feedback - singular only?

mutant12

Member
Polish
Hi to all,

I've been editing an article on internet auction services where the author repeatedly uses the word "feedback" in plural ("the number of feedbacks a user gets", etc.). Now, I've always thought feedback can only be singular... Have I been wrong or rather the author of the article is wrong? If the latter, what word would you suggest as a replacement? The concept refers to "grading" a user on the basis of how well a transaction went - in some cases it's descriptive, in others you actually give marks.
 
  • entangledbank

    Senior Member
    English - South-East England
    I agree that normally feedback is a mass, so we would talk of the amount of feedback. But in the case of Internet comments or hits, clearly there are a countable number of individual . . . somethings. What do we call these things, if they express feedback? The number of feedback responses/messages/appraisals . . .? These all seem long-winded. Using the count plural 'feedbacks' seems like a natural solution.
     

    Loob

    Senior Member
    English UK
    Could you use "amount of feedback" rather than "number of feedbacks"?
    I accept that "feedbacks" is logical in the context given and it probably will catch on, but it still sounds awkward to me:(.

    EDIT: I see Amazon uses "Feedback count" for 'number of comments'.
     
    Last edited:

    Copyright

    Senior Member
    American English
    Feedbacks seems all right for all the reasons ETB offers... if you just need one word, then "responses" seems fine. But you can't alternate words and confuse the reader, so whatever word you choose, you'll have to use throughout... meaning that you might as well stick with feedbacks.
     

    mutant12

    Member
    Polish
    Thanks for the answers. I've decided to indicate the problem to the author and to make him decide - he probably knows best if in his field the word is used in plural or not. Sometimes it's difficult to combine handbook English with real-life English.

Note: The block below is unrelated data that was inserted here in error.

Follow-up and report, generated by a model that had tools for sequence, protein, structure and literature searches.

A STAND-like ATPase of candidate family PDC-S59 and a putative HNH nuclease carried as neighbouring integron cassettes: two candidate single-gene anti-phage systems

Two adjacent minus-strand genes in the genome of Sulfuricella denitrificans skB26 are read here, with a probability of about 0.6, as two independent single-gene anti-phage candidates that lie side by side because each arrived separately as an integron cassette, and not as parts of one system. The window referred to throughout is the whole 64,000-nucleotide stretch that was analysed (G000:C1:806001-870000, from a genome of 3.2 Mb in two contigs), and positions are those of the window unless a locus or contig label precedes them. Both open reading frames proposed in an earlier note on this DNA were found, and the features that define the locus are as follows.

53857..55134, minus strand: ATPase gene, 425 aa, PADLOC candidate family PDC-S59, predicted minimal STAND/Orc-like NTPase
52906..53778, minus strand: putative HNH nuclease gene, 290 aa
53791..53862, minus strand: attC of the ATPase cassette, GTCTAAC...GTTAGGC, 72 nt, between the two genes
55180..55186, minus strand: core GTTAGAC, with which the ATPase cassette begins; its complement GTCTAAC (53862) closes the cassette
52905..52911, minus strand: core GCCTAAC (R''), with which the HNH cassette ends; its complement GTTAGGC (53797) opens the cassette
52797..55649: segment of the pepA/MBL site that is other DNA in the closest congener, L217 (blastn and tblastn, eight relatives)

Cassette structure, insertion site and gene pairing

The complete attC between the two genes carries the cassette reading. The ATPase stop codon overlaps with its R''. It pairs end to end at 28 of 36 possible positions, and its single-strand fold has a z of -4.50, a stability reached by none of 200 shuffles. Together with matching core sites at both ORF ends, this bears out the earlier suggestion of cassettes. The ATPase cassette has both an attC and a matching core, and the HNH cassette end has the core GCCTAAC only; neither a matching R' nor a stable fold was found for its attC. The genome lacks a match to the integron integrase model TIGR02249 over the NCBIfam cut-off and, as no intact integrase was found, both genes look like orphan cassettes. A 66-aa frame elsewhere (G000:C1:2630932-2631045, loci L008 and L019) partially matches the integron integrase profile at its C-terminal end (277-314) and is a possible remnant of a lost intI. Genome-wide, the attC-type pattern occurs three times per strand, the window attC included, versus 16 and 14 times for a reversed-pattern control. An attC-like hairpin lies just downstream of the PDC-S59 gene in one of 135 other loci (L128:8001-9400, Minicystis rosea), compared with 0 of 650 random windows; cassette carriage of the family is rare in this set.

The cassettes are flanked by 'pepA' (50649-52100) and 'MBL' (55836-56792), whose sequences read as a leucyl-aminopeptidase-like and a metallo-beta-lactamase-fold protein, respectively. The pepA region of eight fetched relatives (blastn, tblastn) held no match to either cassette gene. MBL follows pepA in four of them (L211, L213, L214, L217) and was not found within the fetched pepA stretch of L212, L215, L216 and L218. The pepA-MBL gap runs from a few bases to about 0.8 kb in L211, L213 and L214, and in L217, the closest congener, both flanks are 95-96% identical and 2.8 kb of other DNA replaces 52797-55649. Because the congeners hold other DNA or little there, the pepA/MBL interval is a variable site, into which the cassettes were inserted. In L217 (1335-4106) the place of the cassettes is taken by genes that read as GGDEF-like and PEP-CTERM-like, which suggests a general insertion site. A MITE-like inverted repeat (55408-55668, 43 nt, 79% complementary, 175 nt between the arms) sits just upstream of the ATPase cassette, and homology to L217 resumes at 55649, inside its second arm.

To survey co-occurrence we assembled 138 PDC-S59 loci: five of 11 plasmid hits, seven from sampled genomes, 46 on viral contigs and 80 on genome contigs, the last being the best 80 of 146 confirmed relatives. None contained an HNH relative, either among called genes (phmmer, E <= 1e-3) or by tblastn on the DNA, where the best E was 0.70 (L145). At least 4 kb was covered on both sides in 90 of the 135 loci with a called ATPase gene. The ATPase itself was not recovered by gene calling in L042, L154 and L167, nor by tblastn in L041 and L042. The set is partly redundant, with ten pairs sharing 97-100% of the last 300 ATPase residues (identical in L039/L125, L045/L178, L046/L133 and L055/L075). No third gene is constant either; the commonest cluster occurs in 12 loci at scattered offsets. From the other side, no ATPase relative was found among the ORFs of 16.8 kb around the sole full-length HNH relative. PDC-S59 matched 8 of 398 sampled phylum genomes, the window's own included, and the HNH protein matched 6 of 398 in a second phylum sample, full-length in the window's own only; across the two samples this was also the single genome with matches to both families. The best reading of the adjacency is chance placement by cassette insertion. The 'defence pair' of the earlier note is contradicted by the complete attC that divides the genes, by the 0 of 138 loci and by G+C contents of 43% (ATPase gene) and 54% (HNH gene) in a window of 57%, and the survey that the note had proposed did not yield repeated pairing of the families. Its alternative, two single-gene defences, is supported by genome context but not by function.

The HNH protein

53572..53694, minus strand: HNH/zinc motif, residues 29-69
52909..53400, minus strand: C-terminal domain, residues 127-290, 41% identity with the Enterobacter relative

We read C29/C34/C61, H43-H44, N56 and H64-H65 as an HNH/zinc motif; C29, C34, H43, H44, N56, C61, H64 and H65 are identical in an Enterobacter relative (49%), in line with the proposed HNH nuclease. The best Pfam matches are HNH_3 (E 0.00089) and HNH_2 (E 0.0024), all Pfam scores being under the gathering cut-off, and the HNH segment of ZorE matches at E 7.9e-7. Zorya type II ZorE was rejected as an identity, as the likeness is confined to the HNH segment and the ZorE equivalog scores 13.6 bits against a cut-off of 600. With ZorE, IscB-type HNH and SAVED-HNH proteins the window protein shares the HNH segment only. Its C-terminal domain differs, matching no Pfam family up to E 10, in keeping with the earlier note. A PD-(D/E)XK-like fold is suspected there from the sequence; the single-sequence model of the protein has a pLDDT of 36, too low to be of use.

Slavianophil

    Senior Member
    Russian
    Is it possible to say 'collect feedbacks' in English? The context is: "A focus group was organised to collect feedbacks about the ... project'. I think it's wrong and want to replace it with 'to get feedback'. What would native speakers say?
     

    pinkkatze

    Senior Member
    English
    You could say 'collect feedbacks' or 'gather feedbacks'. These two sound better than 'to get feedback' which does make sense but is not as "nice" to hear as the other two
     

    Slavianophil

    Senior Member
    Russian
    Thank you. As far as I understand, 'feedbacks' is a possible option, but it looks awkward to many native speakers.
     

    Andygc

    Senior Member
    British English
    Is it possible to say 'collect feedbacks' in English? The context is: "A focus group was organised to collect feedbacks about the ... project'. I think it's wrong and want to replace it with 'to get feedback'. What would native speakers say?
    I agree with your thought - it is wrong in this context. The example in the original post was, to my mind, a very clumsy pluralisation of the word and wholly unnecessary because other words already exist to do the job. I would, however, not use "get" because the function of the group is to collect feedback - why change the verb?

    You could say 'collect feedbacks' or 'gather feedbacks'. These two sound better than 'to get feedback' which does make sense but is not as "nice" to hear as the other two
    Really? I think they sound terrible. (because of the "s", not because of the choice of verbs.)
     

    Egmont

    Senior Member
    English - U.S.
    You can get feedback from one person or from ten people. As far as my sense of the word goes, it's still feedback. If you want to emphasize that there were several items, you do what you do with any other mass noun: add a unit of measure. Just as you can say "two tons of sand" but not "two sands," here we can refer to ten survey forms, ten responses, ten people who provided feedback, or any number of others.

    I understand that some people find "feedbacks" acceptable. Enough people don't, myself included, that I'd suggest avoiding it if there is any alternative - as there always is. Why write something that you know half* your readers will consider wrong, if you don't have to?

    (For what it's worth, I spent a lot of time studying feedback in control systems as an engineering student. The term there was feedback loops. We never had "feedbacks.")

    __________________________
    *Feel free to substitute the fraction of your choice, as long as it's a lot bigger than zero.
     
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